F.3d 453, 459 (4th Cir. 2008).
diversity, a district court has subject matter jurisdiction .
. . only if the action arose under the Constitution, laws, or
treaties of the United States.” Interstate
Petroleum Corp. v. Morgan, 249 F.3d 215, 219 (4th Cir.
2001) (citing 28 U.S.C. § 1331). Mr. Zulveta alleges
that he and each of the defendants reside in North Carolina,
Doc. 1 at ¶¶ 3-9, and he makes no allegation or
claim that there is diversity of citizenship.
only potential basis for subject matter jurisdiction, then,
is a claim “arising under” federal law. 28 U.S.C.
§ 1331. If federal law “creates the cause of
action, ” a federal district court
“unquestionably” has subject matter jurisdiction.
Mulcahey v. Columbia Organic Chems. Co., 29 F.3d
148, 151 (4th Cir. 1994); see also Franchise Tax Bd. of
Cal. v. Constr. Laborers Vacation Tr. for S. Cal., 463
U.S. 1, 8-10 (1983), superseded by statute on other
grounds, 28 U.S.C. § 1441(e).
Possible Sources of Federal Question Jurisdiction in the
complaint is not a model of clarity as to the claims Mr.
Zulveta intends to assert. He appears to reference four
possible sources of federal question jurisdiction: The
Immigration Reform and Control Act; the Racketeer Influenced
Corrupt Organizations Act; “U.S.C. § 1324;”
and the Constitution. Doc. 1 at ¶¶ 31, 37-38, 40.
section of the complaint with the heading “Non Legality
of Defendants's [sic] Civil Action, ” Mr. Zulveta
asserts that defendants Larmore Landscape and Mr. Larmore
violated four laws. As the complaint words it:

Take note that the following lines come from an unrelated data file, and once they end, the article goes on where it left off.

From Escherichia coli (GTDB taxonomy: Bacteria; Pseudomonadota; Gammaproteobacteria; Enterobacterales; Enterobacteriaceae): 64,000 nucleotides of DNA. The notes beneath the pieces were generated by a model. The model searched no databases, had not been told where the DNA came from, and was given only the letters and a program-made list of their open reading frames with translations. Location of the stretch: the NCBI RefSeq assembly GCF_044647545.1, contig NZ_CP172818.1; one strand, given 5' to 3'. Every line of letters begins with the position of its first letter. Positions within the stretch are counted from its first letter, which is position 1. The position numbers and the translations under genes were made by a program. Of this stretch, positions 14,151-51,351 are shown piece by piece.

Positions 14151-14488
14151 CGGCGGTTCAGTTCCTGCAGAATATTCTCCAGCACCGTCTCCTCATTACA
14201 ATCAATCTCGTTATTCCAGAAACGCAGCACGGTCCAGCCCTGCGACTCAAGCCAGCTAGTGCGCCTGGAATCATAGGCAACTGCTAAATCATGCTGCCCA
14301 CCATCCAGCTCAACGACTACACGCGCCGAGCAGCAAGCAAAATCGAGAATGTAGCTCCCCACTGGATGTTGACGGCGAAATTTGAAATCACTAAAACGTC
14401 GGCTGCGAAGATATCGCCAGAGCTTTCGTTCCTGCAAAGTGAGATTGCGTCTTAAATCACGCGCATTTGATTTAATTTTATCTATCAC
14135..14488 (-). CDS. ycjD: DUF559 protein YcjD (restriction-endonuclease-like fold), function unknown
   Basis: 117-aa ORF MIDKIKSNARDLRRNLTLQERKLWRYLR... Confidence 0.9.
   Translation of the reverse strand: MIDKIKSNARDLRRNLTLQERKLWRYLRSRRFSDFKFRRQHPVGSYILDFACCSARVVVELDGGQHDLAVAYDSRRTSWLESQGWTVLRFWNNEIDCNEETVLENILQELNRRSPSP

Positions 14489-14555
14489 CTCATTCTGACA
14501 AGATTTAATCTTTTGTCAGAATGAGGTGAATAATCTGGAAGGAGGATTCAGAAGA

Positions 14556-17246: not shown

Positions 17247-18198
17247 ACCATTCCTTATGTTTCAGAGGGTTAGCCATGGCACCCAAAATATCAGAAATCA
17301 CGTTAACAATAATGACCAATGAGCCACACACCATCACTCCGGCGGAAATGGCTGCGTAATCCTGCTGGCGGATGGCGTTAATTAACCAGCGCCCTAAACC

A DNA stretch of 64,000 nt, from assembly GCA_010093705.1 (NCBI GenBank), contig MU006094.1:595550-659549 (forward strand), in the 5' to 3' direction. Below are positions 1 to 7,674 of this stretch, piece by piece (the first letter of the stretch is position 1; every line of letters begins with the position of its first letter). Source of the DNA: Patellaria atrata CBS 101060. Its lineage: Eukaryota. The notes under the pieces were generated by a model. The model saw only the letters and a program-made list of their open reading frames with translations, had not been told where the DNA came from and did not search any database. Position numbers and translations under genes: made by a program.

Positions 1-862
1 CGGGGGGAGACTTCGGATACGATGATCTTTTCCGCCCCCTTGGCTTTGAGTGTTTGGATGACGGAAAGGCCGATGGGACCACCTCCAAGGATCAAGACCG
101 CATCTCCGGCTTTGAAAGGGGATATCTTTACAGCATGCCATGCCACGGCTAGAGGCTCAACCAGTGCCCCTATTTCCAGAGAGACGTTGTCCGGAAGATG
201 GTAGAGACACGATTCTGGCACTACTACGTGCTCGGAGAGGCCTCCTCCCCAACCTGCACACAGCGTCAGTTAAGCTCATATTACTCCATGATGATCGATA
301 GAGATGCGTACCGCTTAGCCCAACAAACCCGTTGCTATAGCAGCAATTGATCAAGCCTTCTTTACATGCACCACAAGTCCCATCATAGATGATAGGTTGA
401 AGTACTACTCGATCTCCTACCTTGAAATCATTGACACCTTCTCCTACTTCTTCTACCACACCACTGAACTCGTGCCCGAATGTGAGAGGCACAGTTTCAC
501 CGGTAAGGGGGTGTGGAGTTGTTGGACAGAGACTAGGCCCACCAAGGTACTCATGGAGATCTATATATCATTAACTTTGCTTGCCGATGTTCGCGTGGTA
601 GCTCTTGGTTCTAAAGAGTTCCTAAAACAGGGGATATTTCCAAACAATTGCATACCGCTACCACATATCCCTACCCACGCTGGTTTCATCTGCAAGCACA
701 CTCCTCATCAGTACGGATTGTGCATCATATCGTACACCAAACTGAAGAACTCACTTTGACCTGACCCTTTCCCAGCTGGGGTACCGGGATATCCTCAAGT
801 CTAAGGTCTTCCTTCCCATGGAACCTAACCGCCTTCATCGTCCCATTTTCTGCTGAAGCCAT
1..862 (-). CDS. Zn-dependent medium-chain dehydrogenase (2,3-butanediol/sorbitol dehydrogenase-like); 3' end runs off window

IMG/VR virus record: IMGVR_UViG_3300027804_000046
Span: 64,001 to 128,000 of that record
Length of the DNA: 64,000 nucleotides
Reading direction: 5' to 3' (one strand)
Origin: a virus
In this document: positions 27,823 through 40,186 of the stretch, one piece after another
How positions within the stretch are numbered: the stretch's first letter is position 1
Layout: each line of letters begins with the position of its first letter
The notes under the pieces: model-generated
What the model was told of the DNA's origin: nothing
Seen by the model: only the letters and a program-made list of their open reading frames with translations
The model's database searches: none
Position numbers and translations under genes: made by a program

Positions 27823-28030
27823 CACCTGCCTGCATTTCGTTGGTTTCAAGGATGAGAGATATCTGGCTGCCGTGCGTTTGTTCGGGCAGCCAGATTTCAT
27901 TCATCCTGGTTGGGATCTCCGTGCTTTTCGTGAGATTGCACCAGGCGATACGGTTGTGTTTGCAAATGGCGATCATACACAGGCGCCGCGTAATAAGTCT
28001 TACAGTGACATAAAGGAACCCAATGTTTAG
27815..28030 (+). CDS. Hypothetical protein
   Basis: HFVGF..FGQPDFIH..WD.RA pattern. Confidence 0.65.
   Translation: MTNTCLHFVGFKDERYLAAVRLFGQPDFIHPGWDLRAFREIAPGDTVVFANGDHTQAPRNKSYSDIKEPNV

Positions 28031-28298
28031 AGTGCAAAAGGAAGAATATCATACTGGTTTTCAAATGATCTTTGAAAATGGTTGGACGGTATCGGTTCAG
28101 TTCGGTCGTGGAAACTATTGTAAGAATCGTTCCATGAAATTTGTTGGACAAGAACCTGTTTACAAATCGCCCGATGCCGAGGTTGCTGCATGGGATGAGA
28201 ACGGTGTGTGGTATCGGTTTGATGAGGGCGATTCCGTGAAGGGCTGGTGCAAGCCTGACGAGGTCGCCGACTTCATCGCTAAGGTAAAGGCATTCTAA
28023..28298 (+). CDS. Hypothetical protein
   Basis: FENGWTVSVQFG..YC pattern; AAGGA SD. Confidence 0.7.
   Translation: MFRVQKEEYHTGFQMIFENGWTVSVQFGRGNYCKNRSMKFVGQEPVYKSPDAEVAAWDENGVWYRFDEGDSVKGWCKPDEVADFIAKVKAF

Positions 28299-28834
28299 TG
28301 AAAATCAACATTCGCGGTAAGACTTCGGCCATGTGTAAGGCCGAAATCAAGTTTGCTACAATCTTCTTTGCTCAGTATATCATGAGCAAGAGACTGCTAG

a) The State of North Carolina's Anti Trust laws Chapter
75. Monopolies, Trusts and Consumer Protection use unfair
methods of competition in or affecting commerce, and unfair
or deceptive acts or practices in or affecting commerce,
b) in violation of federal statutes U.S.C. § 1324,
c) in violation of The Racketeer Influenced Corrupt
Organizations (RICO) Act,
d) in violation of The Immigration Reform and Control Act
(IRCA) is employing unauthorized workers. Employing ten (10)
or more unauthorized workers in one (1) year and for more
than ten (10) years who are named: Silvester Orbe, Modesto
Perez Bonifacio Herrera, [and nine others specifically
Id. at ¶ 31 (quoted verbatim but divided into
paragraphs for clarity).
next paragraph, Mr. Zulveta contends Mr. Perez and Mr. Orbe
have displayed “bias and prejudice against a co-worker,
at the working place.” Id. at ¶ 32. He
does not, however, reference any specific statutes or
theories of liability. See id.
next section, titled in its entirety as “Defendants
Separately or Collectively Engaged In, ” Mr. Zulveta
provides two sub-headings: “Count I -- Civil
Conspiracy” and “Count II -- Failure to
Intervene.” Id. at 6. Under the “Count
I” subheading, he asserts the defendants acted in
concert to accomplish “an unlawful purpose and a lawful
purpose by unlawful means.” Id. at ¶ 34.
He references an “underlying tort” and “a
tortious act, ” though he does not explicitly identify
the tort or the tortious act. Id. at ¶¶
34, 35. He alleges the defendants as a group
“conspired and dismissed Plaintiff from [his] job,
” and “committed a tortious act in concert with
the other[s] pursuant to a common design.” Id.
at ¶¶ 34-35. He contends the conspiracy violated
his “Constitutional Rights, ” but does not
specify which of his constitutional rights were violated.
Id. at ¶ 37.
the “Count II” subheading, Mr. Zulveta alleges
that “during the constitutional violations described
above, one o[r] more of the Defendants stood by without
intervening to prevent the misconduct.” Id. at
¶ 38. He ...